As a Jewish person, I am embedded with an ancestral heritage of 'migration'. From a small shtetl in Poland, Lithuania, Russia and Belgium, I am a product of movement. Working as an English teacher in South Korea further connected me to these concepts of 'migration' and 'foreign'.
These experiences, as well as my background as a UCT BA LLB (bachelor of law) graduate, have drawn me towards international migration issues and subsequently Scalabrini, where I volunteer in the Advocacy programme. It is in this position that I consistently question and acknowledge my power, roles and responsibilities through the depth and breadth of the world that is the 'Department of Home Affairs', 'Education Departments', 'Principles', 'investigators', 'prosecutors' and all those 'others' who have certain powers over the lives and conditions of the clients that appear before me. My clients have limited capacity to realize the full enjoyment of their rights, to gain access to the documents they need to work, to renew their permits, to ensure their children attend school, to appeal against rejections of their refugee status -- the list goes on and on.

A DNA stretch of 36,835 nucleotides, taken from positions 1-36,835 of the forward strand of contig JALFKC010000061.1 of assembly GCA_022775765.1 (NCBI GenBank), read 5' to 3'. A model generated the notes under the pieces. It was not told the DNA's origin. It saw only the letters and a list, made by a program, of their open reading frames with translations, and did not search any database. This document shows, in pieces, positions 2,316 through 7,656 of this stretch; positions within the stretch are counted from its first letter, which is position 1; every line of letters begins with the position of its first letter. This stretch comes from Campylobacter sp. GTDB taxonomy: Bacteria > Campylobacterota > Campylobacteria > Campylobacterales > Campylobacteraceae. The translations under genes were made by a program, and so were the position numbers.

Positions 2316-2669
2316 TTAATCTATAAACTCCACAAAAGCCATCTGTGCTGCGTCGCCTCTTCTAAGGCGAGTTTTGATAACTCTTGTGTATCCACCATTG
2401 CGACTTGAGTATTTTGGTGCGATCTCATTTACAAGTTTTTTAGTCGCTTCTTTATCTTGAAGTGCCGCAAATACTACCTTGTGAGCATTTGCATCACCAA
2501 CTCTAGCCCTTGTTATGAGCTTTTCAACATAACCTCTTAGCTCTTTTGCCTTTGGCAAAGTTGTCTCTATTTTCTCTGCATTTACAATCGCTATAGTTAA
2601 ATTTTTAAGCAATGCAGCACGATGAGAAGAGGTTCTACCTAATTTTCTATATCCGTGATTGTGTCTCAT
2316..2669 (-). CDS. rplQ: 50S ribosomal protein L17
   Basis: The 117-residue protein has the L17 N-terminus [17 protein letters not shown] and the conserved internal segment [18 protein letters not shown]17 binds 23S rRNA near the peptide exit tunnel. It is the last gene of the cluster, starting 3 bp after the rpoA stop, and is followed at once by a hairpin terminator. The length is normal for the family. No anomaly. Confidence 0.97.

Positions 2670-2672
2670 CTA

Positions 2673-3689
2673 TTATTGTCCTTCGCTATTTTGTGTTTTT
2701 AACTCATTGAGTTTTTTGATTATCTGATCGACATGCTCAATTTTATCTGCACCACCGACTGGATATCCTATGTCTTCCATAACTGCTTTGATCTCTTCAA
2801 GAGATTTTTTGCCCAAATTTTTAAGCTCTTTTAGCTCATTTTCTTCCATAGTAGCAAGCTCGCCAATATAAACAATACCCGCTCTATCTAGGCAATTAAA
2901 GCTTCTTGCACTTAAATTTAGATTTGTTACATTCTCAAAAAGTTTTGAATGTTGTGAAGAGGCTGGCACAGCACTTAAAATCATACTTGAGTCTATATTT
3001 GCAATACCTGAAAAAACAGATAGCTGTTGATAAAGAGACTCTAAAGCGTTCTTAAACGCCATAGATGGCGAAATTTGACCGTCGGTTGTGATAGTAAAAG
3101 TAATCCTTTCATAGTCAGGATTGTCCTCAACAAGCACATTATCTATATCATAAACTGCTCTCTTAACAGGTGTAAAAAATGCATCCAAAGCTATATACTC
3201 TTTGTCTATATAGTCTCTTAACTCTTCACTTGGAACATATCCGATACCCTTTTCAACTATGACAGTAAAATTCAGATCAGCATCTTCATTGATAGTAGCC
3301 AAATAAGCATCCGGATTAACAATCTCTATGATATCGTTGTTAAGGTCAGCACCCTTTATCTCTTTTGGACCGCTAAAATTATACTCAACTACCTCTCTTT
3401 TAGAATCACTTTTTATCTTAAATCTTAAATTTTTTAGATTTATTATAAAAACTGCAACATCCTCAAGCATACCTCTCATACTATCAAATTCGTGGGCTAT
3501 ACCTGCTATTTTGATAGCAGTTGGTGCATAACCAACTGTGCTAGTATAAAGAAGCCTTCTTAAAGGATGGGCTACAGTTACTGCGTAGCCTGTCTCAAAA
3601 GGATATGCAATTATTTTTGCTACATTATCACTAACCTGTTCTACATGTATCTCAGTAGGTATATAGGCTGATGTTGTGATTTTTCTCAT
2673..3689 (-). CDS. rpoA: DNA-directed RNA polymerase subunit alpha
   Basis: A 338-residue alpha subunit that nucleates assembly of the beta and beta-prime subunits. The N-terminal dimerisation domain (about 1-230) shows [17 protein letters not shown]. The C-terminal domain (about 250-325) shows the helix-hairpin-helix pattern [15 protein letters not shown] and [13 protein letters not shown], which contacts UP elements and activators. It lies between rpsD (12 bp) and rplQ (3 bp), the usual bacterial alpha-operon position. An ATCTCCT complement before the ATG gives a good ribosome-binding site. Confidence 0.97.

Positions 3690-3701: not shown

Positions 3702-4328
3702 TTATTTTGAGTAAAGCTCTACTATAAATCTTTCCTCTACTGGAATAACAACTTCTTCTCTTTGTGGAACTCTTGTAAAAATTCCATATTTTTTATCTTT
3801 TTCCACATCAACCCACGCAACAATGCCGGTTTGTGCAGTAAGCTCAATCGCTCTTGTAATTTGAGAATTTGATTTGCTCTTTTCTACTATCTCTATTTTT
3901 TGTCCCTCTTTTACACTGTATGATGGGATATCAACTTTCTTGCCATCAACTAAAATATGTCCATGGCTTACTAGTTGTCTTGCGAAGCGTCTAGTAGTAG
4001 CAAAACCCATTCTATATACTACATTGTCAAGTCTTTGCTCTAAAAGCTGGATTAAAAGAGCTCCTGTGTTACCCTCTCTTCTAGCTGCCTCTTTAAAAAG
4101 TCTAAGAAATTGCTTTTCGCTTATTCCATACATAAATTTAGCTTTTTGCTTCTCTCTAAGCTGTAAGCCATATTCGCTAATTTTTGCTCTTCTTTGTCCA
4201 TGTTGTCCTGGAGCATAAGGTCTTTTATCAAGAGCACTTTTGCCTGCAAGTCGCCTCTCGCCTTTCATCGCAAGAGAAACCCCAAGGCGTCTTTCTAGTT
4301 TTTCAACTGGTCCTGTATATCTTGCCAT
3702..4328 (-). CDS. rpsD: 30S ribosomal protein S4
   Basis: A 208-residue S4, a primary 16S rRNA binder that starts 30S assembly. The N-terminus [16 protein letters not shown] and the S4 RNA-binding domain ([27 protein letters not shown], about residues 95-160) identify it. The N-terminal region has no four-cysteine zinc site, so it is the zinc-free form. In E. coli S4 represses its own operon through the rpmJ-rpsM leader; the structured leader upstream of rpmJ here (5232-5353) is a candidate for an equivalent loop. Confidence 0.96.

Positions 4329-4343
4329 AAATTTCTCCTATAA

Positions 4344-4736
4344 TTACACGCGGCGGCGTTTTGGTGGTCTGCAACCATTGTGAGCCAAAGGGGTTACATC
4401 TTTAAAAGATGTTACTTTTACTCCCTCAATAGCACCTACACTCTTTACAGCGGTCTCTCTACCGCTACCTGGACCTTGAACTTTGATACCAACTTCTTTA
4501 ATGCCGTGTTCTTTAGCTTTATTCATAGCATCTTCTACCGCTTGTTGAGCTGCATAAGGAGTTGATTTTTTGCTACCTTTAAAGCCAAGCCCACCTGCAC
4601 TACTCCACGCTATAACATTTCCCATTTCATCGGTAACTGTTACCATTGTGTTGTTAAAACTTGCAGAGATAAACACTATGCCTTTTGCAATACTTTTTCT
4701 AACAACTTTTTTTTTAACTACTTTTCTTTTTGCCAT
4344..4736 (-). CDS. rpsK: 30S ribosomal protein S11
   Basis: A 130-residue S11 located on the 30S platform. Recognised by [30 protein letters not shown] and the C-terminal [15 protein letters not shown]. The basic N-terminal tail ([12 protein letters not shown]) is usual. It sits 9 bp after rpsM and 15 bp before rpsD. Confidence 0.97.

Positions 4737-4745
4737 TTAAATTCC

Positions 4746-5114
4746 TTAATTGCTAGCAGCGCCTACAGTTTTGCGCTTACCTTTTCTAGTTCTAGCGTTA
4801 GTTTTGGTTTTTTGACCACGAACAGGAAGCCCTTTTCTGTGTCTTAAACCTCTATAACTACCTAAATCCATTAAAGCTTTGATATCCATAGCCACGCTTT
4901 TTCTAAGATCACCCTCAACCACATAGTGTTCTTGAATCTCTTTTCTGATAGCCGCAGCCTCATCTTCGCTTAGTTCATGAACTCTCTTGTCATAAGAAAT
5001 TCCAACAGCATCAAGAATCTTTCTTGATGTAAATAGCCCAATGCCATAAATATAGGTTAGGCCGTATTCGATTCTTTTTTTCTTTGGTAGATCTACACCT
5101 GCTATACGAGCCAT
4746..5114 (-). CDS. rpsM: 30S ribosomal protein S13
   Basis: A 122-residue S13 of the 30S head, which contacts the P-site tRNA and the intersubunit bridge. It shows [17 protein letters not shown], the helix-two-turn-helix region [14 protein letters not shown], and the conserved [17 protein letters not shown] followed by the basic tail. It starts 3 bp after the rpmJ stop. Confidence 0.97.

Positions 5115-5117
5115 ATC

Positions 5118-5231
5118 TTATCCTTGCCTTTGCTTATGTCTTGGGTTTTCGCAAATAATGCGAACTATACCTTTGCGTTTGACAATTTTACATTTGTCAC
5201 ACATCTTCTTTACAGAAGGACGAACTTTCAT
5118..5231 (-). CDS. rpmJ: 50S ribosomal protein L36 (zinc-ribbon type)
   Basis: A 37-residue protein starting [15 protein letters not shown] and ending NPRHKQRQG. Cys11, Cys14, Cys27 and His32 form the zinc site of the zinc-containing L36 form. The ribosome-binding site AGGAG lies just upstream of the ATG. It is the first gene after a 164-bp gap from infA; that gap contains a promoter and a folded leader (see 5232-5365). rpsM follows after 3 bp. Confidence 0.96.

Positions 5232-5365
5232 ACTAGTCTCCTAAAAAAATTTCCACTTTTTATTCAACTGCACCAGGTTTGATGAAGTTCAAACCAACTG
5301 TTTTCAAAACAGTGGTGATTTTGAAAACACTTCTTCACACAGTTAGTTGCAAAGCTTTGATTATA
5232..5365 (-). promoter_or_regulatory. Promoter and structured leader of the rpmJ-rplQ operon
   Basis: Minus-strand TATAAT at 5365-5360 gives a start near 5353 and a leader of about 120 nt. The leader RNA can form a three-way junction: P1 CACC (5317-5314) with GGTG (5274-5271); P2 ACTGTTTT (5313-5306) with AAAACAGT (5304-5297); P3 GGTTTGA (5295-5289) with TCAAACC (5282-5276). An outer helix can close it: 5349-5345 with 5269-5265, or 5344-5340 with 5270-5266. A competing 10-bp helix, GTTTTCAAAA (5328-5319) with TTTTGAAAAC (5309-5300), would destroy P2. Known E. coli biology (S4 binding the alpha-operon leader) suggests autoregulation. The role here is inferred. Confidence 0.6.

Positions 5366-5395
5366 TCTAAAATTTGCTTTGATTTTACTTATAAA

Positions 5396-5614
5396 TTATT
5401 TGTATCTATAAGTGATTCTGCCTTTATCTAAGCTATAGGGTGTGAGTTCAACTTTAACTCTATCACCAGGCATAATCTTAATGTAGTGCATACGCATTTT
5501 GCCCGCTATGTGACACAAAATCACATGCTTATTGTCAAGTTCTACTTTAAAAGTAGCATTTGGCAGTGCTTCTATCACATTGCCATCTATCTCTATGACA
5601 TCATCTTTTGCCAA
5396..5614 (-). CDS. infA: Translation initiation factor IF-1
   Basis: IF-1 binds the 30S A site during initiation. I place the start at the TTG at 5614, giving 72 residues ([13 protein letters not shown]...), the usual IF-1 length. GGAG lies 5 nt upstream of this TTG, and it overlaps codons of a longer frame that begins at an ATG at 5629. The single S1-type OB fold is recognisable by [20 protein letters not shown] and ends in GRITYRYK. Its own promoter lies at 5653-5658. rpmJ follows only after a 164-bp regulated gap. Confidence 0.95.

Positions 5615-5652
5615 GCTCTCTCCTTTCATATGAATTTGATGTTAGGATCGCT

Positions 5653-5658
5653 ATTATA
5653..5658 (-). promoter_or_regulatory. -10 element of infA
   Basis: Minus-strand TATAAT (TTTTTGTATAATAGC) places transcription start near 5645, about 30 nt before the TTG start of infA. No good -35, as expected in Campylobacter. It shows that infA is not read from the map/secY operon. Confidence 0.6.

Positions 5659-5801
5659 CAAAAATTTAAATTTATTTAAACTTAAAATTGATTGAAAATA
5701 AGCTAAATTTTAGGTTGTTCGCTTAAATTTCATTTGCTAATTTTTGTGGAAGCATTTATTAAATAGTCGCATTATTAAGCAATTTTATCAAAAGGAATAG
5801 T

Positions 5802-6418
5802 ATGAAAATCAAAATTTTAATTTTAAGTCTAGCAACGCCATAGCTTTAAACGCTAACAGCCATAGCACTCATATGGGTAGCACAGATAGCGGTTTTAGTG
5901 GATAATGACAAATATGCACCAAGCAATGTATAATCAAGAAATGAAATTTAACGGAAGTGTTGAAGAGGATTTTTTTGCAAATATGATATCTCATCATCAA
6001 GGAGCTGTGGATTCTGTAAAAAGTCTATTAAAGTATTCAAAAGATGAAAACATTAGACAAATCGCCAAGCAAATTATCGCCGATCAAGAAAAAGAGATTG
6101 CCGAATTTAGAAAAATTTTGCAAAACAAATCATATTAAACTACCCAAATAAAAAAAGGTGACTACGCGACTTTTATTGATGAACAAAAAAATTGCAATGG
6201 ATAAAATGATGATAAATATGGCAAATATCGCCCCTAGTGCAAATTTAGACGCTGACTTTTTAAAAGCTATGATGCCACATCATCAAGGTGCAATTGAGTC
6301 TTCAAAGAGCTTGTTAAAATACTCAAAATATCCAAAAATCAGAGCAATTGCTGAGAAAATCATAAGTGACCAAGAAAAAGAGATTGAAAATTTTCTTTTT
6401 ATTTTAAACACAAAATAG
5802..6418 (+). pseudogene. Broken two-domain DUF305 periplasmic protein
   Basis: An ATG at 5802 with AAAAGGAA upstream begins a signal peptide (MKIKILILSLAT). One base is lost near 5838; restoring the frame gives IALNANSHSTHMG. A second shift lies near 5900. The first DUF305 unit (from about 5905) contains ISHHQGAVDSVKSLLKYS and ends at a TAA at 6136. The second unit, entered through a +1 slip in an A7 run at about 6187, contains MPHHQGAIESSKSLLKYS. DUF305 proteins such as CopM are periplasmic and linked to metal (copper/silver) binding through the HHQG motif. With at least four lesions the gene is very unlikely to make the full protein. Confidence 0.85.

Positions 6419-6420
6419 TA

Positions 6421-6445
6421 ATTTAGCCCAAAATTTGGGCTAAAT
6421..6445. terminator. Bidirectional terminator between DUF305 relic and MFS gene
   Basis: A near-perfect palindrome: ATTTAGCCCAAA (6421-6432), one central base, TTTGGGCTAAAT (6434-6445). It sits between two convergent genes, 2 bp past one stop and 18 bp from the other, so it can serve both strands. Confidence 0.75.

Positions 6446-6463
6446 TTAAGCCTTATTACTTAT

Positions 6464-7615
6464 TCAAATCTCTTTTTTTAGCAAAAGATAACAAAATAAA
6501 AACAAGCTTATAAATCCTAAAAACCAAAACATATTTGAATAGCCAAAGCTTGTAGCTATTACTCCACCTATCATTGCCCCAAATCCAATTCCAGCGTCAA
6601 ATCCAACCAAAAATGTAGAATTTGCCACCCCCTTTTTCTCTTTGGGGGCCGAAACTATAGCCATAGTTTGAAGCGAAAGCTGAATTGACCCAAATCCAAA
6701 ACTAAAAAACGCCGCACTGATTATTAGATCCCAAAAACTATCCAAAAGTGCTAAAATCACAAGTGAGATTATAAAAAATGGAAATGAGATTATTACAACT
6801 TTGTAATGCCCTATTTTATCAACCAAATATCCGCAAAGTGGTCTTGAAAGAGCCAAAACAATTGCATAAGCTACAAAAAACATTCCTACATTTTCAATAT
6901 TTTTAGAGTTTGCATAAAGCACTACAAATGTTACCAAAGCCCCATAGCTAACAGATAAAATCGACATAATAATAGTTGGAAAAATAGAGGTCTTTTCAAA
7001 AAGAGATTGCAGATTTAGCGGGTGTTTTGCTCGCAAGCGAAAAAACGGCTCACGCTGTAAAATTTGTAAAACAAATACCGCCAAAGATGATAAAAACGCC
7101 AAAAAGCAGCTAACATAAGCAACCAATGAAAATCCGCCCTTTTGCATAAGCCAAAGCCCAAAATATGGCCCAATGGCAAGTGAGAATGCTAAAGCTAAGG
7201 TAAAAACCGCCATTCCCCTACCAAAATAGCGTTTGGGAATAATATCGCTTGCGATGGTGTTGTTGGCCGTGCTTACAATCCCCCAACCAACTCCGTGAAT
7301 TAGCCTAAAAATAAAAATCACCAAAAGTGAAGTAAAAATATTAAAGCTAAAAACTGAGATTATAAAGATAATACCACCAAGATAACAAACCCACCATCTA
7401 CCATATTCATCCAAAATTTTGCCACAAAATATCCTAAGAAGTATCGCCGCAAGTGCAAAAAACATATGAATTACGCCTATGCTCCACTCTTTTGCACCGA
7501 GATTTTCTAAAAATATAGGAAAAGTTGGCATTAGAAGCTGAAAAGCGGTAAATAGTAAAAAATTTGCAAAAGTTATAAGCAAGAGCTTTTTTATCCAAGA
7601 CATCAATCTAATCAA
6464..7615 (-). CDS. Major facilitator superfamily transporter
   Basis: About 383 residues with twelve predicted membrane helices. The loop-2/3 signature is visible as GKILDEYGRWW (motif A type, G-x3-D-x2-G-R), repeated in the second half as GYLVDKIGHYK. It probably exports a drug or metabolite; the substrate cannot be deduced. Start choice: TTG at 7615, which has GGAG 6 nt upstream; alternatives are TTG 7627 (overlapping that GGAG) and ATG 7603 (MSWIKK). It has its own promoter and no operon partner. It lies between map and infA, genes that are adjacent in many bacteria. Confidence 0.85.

At Scalabrini, we have some power to challenge powerful actors in society and government. We also have the ability to advocate around legislation and policy. While we may be part of a small NGO, we are big in our pursuit of justice and equality.
What I will remember of my experiences here are the people, their faces and their stories. I will especially remember the children who were struggling to be admitted into schools, clients who faced detention, and those whose refugee statuses had been withdrawn or limited. Scalabrini is a part of my journey and aspiration to further pursue Human Rights Law.
Posted in August 2018 in Volunteer Bios.